Table tennis for charity
On Nov. 7, Ping-Pong Madness took over the Wilfrid Laurier University Concourse for the second year in a row.
This year, after an all-day, by-donation ping-pong event in the Concourse, a competitive tournament was held, followed by a night at the Turret.
The idea for Ping-Pong Madness came across Daniel Brodie, the event’s founder and organizer, last year when he was brainstorming with a friend.
“We founded this event last year because we were looking to do a table tennis club initially, but after looking into the rules it seemed unlikely to happen, so our idea became to start a 24 hour event … but we decided to change it from 24 hours to a day event,” Brodie explained.
“We both grew up playing ping-pong, so that’s why we chose that, but mostly we wanted to do something cool that’s never been done.”
After contacting a table tennis club in Kitchener and striking a deal to borrow the necessary equipment, the event began to unfold.
The event sponsored KidSport Canada both this year, as well as last year. Brodie allowed the charity to be chosen by the Kitchener table tennis club as an incentive to get them to lend the equipment for the event.
“Last year we raised $500,” Brodie told The Cord. “We’re hoping for a $1500 donation this year.”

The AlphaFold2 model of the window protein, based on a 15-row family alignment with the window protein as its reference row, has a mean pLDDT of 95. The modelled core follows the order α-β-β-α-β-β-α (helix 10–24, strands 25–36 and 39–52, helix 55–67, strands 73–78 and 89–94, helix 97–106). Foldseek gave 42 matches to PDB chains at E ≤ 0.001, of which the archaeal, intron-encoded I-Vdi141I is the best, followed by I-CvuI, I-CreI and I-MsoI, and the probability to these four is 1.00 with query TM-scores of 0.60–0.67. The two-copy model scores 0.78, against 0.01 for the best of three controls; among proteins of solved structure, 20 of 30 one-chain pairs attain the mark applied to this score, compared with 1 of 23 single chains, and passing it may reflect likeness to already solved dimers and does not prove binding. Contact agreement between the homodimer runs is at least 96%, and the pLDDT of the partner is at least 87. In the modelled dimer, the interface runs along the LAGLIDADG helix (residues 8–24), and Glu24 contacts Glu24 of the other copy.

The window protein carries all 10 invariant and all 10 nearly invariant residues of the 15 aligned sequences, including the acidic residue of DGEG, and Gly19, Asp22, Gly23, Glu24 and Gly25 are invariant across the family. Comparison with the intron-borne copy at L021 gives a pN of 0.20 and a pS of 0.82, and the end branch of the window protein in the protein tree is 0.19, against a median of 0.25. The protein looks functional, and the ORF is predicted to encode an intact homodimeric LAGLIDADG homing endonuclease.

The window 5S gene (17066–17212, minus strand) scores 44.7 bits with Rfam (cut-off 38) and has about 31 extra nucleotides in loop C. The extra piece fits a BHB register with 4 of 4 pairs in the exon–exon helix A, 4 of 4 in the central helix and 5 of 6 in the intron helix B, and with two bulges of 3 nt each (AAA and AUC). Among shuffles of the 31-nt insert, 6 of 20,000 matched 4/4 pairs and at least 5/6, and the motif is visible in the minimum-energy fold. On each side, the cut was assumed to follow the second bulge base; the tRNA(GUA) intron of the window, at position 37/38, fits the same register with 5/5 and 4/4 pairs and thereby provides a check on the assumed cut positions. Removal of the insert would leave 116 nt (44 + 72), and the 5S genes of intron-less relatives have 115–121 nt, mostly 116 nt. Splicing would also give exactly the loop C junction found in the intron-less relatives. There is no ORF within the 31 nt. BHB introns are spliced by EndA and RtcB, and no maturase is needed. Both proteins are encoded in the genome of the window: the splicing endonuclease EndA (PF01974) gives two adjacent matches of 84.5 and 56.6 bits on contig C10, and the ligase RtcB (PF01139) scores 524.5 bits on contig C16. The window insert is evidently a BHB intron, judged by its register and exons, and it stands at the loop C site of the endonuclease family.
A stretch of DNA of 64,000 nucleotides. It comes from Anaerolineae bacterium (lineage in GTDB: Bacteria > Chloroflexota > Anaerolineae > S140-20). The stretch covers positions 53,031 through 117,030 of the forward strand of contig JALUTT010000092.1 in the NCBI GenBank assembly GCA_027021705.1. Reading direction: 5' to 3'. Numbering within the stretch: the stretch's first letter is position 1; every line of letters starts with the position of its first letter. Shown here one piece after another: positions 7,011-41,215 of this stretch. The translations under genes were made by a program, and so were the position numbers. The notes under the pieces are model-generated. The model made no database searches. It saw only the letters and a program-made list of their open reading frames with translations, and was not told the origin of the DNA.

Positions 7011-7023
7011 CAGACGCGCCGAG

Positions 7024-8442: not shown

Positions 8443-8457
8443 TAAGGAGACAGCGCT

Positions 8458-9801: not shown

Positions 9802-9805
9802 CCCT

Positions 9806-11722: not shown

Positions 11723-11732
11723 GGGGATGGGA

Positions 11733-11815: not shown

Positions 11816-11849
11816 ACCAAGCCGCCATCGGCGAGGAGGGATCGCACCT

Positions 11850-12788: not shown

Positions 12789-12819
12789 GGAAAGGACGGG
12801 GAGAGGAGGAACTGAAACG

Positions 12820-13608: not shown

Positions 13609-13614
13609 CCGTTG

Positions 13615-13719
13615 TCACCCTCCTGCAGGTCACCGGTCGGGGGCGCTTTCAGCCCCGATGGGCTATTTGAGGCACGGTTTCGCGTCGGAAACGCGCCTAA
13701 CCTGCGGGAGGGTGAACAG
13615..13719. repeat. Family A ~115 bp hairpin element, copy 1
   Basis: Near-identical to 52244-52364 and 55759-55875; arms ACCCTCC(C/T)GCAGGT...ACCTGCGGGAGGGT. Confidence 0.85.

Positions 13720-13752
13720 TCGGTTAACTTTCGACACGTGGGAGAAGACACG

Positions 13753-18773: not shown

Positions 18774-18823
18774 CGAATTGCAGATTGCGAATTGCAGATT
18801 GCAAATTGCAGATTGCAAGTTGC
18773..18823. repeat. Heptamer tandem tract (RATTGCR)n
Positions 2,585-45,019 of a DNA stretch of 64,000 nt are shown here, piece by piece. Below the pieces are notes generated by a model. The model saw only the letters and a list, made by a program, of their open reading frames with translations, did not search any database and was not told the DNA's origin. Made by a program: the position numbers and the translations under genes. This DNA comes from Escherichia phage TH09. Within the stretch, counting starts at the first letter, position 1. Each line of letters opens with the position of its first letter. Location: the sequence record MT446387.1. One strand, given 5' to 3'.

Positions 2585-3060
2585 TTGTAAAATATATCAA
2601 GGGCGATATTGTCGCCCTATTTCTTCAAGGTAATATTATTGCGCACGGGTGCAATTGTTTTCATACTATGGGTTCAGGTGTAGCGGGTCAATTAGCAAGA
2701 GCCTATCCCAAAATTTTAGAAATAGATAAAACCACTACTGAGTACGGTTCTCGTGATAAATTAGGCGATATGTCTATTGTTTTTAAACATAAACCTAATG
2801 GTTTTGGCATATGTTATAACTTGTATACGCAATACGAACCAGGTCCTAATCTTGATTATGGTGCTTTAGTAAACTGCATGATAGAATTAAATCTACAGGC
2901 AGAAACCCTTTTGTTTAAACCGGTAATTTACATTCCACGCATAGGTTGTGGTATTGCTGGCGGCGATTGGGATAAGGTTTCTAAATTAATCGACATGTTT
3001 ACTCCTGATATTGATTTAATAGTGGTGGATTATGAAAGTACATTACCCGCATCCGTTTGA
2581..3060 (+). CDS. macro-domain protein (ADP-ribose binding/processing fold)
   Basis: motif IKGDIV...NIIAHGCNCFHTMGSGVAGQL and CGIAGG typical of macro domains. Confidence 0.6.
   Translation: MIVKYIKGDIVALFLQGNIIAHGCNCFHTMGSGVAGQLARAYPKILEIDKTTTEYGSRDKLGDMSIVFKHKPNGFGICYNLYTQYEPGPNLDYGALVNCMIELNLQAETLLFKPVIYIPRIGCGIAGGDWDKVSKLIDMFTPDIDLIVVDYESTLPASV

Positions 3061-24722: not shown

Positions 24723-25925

While the majority of the money was raised during the Ping-Pong Madness event, Brodie and his team of volunteers had a booth set up in the Concourse during the weeks leading up to the event, where students were able to donate money.
This year, the Turret also agreed to donate half of the money made during the night portion of the event.
Other businesses on the Laurier campus also contributed to the event. Both Wilf’s Pub and the Laurier Bookstore donated prizes for the competitive competition that was held, so students would have an incentive to register.
Michael Bartley, one of the volunteers helping out with the event in the concourse, explained how he was able to help with promotions in order to raise more funds for KidSport.
“This year I’ve been more involved, I’ve really been in people’s faces [and] I put my ego on the line to make people laugh and get them to come out,” he said.